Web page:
Also, I see some people construct the hip “bones” differently. Some just like to do a large oval cutout in the middle , but other people will cut a curvy shape off the bottom of the jug – I think the latter looks more accurate, so I’ll stick with that one. But that part is up to you.

I ended up labeling the parts like this …(later on you can use rubbing alcohol to remove the writing and outlines)

Here are all the parts, so you can see what they look like separately.

milk container parts laid out

 

Next we need to make small holes in the parts…one on each end of the bones, two in the sides of the milk jug neck for the head and ribs, and two sides of the hips. You can wrap the string around the hand/feet/shoulder pieces so ok to leave those out. Some people use a hole punch, but i like holes as small as possible, plus it’s hard to use a hole punch on the tougher areas like the neck of the container.  I used a small drill bit.

I’ll use fishing line to thread the parts together. It’s strong and durable, plus it won’t show easily either when “Mr Bones” is on display!

1.) Drill hips where I’ve indicated with arrows…one on two sides adn two in teh middle. 2.) For the skull head, look on the bottom, you see that part in the middle that the plastic is more thick? Drill a hole right in that spot. It will be much easier than thrying to thread cord through two holes an inch apart .

putting together halloween skeleton parts

3.) Thread knees (round circles) to the leg bones and do the same for the arms and elbows. 4.) Thread the leg/knee bones on each side hole you drilled into the hip bone. Lastly don’t forget hands on arm elbows and feet to the legs.

Edit: I used some crafting wire to connect the head to the ribs and the hips. Don’t use glue, I tried it and it had no staying power. I ran the wire through the holes I put in the neck of the cartons and lined them up with the parts. I also did the same for the shoulders (the trickiest part.) As much as I like fishing line, it has this one flaw-it’s tough to get the “slack” part right. Once you knot it it stays put.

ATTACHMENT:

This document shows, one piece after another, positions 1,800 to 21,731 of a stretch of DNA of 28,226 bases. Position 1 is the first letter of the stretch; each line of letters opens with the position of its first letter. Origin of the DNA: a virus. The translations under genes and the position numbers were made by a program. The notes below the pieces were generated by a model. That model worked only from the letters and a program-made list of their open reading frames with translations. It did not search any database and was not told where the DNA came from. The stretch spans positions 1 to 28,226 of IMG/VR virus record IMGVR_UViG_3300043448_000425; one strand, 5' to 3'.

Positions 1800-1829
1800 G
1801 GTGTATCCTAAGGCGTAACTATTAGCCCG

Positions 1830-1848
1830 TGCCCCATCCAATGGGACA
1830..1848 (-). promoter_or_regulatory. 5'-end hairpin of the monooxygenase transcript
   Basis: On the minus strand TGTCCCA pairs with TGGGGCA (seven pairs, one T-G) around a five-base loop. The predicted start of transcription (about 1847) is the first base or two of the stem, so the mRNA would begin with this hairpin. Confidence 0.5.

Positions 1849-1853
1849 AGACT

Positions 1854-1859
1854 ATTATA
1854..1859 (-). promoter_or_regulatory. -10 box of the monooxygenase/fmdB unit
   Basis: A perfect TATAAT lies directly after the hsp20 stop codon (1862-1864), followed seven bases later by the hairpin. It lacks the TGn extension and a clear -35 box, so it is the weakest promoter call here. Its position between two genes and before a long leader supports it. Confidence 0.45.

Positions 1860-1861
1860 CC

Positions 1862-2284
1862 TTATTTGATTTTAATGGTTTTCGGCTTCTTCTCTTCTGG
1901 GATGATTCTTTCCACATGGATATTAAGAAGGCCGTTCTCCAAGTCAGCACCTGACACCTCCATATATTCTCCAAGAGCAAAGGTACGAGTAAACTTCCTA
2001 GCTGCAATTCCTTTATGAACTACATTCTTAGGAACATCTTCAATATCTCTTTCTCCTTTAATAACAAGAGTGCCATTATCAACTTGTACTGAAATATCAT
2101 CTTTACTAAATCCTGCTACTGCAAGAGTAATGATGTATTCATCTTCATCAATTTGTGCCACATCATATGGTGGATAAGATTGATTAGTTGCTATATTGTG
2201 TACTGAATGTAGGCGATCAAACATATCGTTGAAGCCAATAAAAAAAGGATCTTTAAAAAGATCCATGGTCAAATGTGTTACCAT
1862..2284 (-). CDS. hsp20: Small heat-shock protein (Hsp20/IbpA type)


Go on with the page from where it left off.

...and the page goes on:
With flexible wire, you can adjust the amount of slack so the parts of the skeleton can move around without being too stiff. Fishing line worked great for the other parts – just not for the “main” body like the head, and rib cage.

When you are done you can color in your skeleton’s  to give it a pop of color. Think Halloween colors like green, orange, purple. Or you could use glow in the dark paint I could do this with various parts with some of my art markers, but for now. I decided to leave mine as is. It was a lot of work but I’m pleased.

How all the different parts look…I like how the creator used a little outlining with a marker for more detail…

Painting on plastic is not something I would encourage you to attempt. I think there may be a brand of Krylon that does work, but I digress…

I saw something to do with Day of the Dead designs on it, which I liked, but that is a different holiday altogether. Anywhere here she is…or he? LOL. He actually came alive more when hung outside because the breeze blew him around enough to remind me of my old Halloween skeleton hangup from way back when.

🎃Good luck to you and Happy Halloween!